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Marijuana Legalization Should Be a Focus in 2012 Election

President Barack Obama and Mitt Romney would rather not discuss marijuana during their 2012 presidential campaigns. They said it’s not a priority. But, so far, they have no choice. They have been -- and will continue to be -- barraged by questions as to where they stand, particularly in some swing states, like Colorado, where the question of the legalization of marijuana is on the November ballot. 

In Colorado, there is no single candidate or party that has the political muscle needed to carry the state. And, interestingly, the voters on the marijuana issue are not broken along ideological or political boundaries. The Colorado Democratic Party recently endorsed the measure. And Pat Robertson, the 82-year old televangelist long associated with the Republican Party, did the same.

So, both parties will look for an opportunity to gain the state’s nine electoral votes. The key to presidential victory in the state and, possibly, the country may be the outcome of how the state’s electorate votes on Amendment 64, which tackles the question of whether marijuana should be legalized for recreational use for adults or not.

Along with casting their choice for president of the United States on November 6, voters will have the opportunity to give a “thumbs up” or “thumbs down” on the bill.

President Obama was a recreational user as a teenager and refers to those acts as “wrong decisions.” He has consistently said that he supports medical marijuana for treatment and pain relief from diseases, such as cancer and multiple sclerosis, and that, as long as the individual has a doctor’s prescription, the drug ought to be able to be purchased from state-licensed dispensaries. The work of the Drug Enforcement Administration kept a low profile. 

Recently, however, the work of the federal agents has been turbocharged 180 degrees. There have been raids and forced closures of dispensaries, not distinguishing between those that have been approved or not or have become commercial enterprises or not. Some patients have been forced to buy marijuana on the black market.

President Obama, how can you say one thing and yet permit Attorney General Eric Holder’s agents from acting differently? While there may be cause to make changes and reforms, the states of Colorado and California have experienced loss of jobs, loss of taxes and loss of money used to comply with the states's marijuana ordinances, only to have them undermined by the federal government.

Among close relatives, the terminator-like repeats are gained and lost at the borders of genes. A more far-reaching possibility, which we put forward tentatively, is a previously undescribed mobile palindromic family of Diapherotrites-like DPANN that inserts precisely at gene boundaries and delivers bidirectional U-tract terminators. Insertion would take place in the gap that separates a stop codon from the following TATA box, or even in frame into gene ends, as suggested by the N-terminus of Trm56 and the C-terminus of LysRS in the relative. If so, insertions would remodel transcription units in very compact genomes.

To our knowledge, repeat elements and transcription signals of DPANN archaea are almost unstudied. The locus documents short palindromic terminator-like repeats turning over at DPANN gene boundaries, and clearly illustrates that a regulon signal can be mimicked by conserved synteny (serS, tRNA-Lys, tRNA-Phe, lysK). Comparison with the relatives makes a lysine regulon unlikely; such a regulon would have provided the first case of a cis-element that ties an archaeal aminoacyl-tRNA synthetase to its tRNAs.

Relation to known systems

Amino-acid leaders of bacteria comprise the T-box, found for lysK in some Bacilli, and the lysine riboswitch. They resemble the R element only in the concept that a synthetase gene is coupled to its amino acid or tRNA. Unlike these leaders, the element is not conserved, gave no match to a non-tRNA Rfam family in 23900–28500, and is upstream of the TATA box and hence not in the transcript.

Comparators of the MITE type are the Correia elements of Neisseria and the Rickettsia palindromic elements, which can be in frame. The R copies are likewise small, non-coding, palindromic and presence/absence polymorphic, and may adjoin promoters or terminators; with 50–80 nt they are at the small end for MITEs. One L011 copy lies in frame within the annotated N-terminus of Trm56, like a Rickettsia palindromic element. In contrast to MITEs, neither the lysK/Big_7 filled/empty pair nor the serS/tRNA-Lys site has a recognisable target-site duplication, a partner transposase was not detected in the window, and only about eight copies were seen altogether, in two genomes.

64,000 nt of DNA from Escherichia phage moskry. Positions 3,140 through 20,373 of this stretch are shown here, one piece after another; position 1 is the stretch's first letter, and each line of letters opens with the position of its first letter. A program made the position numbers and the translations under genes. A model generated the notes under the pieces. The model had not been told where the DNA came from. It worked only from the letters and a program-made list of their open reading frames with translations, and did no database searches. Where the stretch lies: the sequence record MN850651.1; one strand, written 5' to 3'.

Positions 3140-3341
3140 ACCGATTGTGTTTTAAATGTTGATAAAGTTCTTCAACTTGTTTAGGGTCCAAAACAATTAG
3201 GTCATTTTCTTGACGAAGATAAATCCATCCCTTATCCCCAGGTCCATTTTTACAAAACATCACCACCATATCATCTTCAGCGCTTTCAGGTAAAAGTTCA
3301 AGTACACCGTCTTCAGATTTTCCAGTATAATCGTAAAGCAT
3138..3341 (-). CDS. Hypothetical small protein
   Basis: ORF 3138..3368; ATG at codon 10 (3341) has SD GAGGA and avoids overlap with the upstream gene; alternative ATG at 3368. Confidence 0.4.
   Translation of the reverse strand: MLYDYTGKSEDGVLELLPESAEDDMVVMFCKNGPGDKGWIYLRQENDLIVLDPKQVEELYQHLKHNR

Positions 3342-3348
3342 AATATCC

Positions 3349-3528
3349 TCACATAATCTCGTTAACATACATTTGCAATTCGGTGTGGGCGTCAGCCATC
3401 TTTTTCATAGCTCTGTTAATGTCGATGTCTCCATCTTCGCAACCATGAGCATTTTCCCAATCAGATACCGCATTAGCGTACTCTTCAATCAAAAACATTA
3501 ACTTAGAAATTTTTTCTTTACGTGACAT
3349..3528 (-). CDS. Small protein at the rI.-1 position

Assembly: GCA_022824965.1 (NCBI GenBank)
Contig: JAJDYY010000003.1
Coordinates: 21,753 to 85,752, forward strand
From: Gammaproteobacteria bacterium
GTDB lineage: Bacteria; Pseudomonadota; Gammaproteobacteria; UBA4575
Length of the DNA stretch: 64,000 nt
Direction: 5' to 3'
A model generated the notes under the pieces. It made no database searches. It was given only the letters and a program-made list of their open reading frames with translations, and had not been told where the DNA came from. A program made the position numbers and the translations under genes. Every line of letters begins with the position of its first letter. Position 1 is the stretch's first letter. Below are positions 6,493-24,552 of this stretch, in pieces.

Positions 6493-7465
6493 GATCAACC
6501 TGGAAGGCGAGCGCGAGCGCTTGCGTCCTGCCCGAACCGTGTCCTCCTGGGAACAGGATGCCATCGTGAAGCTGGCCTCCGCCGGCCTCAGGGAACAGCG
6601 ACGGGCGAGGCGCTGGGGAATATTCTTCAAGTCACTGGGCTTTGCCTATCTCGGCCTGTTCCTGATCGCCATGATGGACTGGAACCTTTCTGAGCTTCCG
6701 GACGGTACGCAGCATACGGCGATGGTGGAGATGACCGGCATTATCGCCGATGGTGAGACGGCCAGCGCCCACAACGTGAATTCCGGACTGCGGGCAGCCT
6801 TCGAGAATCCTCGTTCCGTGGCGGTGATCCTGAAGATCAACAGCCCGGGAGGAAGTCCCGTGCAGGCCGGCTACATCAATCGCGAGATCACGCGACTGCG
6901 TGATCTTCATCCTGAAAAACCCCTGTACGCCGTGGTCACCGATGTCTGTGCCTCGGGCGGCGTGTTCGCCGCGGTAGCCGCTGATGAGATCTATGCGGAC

Mitt Romney, the presumptive Republican candidate, says his religion prohibits him from using alcohol, smoking cigarettes, coffee or tea and that he was “wayward” once when he had a sip of beer and smoked a cigarette. Romney says that he “absolutely” opposes legalizing marijuana and its use medically.

Hey, what happened to the First Amendment? Is it to be adhered to by some and not others? Some political candidates, such as New York State’s Governor Mario Cuomo and former vice presidential candidate Geraldine Ferraro are -- and were--practicing Catholics. On the issue of abortion, they all said that while they do not believe in abortions personally, they could not force their religious values on others and, therefore, did believe in a woman’s choice.

If Romney wins, does this mean the Mormon Church, of which Romney is a major donor, will dictate as to whether we can have coffee or tea? Romney and his wife Anne do admit to drinking diet Coke and hot chocolate.

The possession and distribution of marijuana, even for medicinal use, is a federal offense. Clearly stated, right? Sure, but there is a glitch. There are currently 17 states and Washington, D.C. that have enacted laws to legalize medical marijuana. And, medical marijuana dispensaries, some state-licensed, others not, have appeared in each of these states. To further complicate matters, local city ordinances in Colorado and California were put into place to implement each state’s policy. Federal, state and city policies instead of being complementary are in opposition to one another.

Hopefully, whoever is elected will be someone who will provide leadership, clarity and understanding in the maze of conflicting polices. Let’s see what happens between now and November and hold our candidates accountable.

 

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